What can you see that Perl as a whole struggles to do well, for which a good solution is not impossible, and is only being held back by smaller problems which would go away if there was a working candidate solution put in place that needed those small problem solved.

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  • The fact that you have to have adept-level Perl 5 experience to understand how to use Perl 5 (the language) in the fashion most useful for novices is a huge problem.

    • So what do you feel is the solution, and what are the small problems that would go away once we had a working candidate solution?

        • The only major problem with this is that most of the novices - at least those I encounter - need to use old versions of perl.

          So the usefulness of this would only be seen later down the road and only by some of the new users.

          But one needs to step on the road to get there.

  • I don't try Padre because (1) it's a pain in the ass to install on Snow Leopard via CPAN or .dmg; and (2) I have no reason to use a Perl-specific text editor when I pay the bills with things that are at least partly not Perl. The Google juice from a bunch of fanboys posting "X, the Y IDE" will not encourage me to use X.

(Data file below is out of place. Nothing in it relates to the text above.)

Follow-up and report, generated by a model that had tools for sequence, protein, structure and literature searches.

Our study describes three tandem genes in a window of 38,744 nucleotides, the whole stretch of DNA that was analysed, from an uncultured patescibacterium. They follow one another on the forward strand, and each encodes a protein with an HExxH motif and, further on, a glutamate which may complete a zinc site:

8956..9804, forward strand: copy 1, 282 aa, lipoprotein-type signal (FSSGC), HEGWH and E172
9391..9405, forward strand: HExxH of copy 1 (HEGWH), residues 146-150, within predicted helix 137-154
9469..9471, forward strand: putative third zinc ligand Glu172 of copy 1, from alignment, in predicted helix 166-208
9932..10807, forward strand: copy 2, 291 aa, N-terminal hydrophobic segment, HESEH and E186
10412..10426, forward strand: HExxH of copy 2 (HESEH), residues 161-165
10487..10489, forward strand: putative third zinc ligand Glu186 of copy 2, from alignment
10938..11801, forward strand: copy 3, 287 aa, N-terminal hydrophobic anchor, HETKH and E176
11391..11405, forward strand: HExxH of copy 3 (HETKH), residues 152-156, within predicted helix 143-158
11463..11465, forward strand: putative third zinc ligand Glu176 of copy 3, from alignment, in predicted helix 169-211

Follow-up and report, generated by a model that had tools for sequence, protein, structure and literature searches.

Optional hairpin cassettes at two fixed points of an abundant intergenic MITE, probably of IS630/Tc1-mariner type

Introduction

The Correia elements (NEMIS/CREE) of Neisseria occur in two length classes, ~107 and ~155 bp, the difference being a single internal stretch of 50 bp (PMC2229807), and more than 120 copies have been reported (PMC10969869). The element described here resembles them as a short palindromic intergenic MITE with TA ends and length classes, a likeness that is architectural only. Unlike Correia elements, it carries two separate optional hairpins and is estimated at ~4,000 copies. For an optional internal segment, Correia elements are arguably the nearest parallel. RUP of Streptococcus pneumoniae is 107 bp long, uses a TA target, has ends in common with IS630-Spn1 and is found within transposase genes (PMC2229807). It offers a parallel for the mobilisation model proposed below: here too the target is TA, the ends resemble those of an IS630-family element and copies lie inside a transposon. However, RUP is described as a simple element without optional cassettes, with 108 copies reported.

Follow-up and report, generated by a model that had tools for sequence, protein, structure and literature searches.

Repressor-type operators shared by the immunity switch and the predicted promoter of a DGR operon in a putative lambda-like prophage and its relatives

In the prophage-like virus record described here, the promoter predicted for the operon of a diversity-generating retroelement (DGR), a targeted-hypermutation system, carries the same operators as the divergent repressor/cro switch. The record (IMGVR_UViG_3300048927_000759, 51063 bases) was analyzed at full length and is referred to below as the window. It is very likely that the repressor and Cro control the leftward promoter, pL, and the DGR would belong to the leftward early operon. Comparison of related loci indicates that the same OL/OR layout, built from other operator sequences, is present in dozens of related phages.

• What does your rant have to do with your subject line? Is the default OSX Perl compiled without threads? How does your rant address Adams post?

      PS: I'm a vim user and will always be. I write C++ more or less all day. Yet when I have to refactor an icky bit of Perl, I switch editors because I'll take all the help I can get. Works fine for me. Doesn't have to work for you. Tough luck, get on.

        • You really don't have to explain why you are not trying Padre. The majority of the Perl community have not tried it (yet) and that's totally ok.

          IMHO "changing the Perl community" did not mean every Perl hacker now will have to use Padre.